China’s anti-corruption campaign, said to be urgently needed to save the Party and the state, and launched with much fanfare, may turn out to be a toothless measure, after all.
Wang Qishan, China’s new Secretary of the Central Commission for Discipline Inspection summoned eight professionals for a special meeting on Nov. 30. Six of the eight expressed the need for a system of having Party officials disclose their financial assets, according to a Dec. 29 report by the Economic Observer, a financial website based in Shandong.
Peking University professor Jiang Mingan, one of the professionals at the meeting, told the Economic Observer that while Wang expressed his confidence in getting the process of asset disclosure started, he also stated that there would be “difficulties.”
Chinese netizens have been jumping on the anti-corruption bandwagon with great enthusiasm helping expose corruption cases. But many netizens now doubt the Chinese regime’s sincerity in fighting corruption.
Bloomberg quoted one netizen saying sarcastically, “There would be no more difficulties once the eight large families have transferred all their money and properties.”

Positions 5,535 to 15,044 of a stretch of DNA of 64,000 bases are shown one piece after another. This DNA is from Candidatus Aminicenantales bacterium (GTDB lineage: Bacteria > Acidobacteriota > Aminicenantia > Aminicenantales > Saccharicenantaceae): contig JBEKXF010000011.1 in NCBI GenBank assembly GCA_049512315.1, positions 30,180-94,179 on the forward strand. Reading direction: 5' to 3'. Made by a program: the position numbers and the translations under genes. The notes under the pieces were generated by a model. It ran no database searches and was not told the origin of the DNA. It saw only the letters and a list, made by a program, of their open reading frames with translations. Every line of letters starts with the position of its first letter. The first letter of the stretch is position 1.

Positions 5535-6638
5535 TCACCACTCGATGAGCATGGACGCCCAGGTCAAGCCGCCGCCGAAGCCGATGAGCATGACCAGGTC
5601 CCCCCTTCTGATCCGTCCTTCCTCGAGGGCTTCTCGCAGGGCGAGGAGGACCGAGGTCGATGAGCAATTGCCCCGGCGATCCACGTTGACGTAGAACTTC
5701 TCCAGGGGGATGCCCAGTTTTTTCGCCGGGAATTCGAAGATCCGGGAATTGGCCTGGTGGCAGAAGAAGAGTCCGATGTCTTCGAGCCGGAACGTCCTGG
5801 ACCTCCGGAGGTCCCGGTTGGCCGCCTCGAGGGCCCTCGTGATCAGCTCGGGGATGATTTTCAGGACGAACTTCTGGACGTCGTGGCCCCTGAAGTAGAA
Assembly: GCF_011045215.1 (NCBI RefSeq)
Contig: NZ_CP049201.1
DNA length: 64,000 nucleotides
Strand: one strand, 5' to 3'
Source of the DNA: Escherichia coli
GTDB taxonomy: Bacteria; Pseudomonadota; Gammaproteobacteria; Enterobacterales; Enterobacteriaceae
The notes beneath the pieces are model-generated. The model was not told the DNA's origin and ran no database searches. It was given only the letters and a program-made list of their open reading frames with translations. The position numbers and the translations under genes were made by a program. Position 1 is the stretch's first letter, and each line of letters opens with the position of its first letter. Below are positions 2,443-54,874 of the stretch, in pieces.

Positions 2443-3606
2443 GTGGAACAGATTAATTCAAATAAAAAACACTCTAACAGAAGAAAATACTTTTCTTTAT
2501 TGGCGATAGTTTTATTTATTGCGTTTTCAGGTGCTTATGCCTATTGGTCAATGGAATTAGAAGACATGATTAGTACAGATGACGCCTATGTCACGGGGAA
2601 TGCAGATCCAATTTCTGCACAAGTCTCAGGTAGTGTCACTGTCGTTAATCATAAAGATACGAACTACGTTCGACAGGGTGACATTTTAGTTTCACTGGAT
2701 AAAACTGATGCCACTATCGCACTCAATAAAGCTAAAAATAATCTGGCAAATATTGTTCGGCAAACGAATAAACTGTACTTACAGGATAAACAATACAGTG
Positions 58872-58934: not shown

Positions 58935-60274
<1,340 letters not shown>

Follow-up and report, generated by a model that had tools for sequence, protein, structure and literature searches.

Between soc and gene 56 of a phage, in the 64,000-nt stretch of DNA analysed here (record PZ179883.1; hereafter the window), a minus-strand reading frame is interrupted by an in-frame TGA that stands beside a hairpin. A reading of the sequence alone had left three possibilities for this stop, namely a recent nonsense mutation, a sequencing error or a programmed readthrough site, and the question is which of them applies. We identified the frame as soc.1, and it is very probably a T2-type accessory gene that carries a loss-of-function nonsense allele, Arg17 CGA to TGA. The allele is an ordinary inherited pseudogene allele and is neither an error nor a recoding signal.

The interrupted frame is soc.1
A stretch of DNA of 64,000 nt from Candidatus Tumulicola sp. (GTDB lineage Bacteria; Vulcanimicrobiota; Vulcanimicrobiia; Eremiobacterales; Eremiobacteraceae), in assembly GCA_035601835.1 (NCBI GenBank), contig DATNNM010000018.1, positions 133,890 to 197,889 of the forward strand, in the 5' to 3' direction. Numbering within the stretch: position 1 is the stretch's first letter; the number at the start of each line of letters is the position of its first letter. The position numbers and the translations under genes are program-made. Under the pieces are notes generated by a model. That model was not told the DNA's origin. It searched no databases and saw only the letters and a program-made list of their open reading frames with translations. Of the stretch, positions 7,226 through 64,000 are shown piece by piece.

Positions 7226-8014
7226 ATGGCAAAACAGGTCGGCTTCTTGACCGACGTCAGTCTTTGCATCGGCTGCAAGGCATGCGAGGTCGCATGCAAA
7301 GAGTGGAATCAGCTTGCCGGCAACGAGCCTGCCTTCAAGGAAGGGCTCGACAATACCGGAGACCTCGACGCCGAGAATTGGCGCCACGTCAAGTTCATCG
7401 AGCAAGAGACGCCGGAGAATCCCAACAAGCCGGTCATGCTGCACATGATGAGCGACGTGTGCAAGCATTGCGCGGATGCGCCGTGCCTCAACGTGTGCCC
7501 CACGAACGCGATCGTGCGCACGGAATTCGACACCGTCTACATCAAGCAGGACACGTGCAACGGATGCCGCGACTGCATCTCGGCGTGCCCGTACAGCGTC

The “eight large families” are the descendants of an elite group of former revolutionary fighters who led China’s economic opening after Mao’s death and amassed enormous wealth and influence.
Wu Shuping, a Guangdong microblogger, commented on the slow progress of getting public officials to declare their wealth as compared to the speed displayed by the National People’s Congress in passing the recent bill on Internet user disclosure.
Wu told his one hundred thousand subscribers: “The new Internet security act took merely two days to enact—from Dec. 27, when the draft was passed, to voting on the bill on Dec. 28—as opposed to the 18 years, and ongoing, since the discussion for disclosure of public officials’ wealth started. And yet there is still no resolution in sight in the foreseeable future. For sure, the Internet is not exempt from the law, but politicians are.”
Earlier in 2012, Lei Chuang, a postgraduate student from Shanghai Jiao Tong University, submitted a letter to the Party’s 53 central departments, asking for the disclosure of their salaries, the Economic Observer said.
Lei was hoping at least one high-ranking official would be willing to come forth and declare his income, but none did, even though Lei received replies from 40 departments, the article said.Lei predicted that even for the lowest ranking government officials it would take 10 years to expose their salaries, and 20 to 30 years before all officials’ salaries would be made public.
China Youth Daily concurred with Lei’s prediction, saying 20 years is “not slow but quick for such a giant country as China.”
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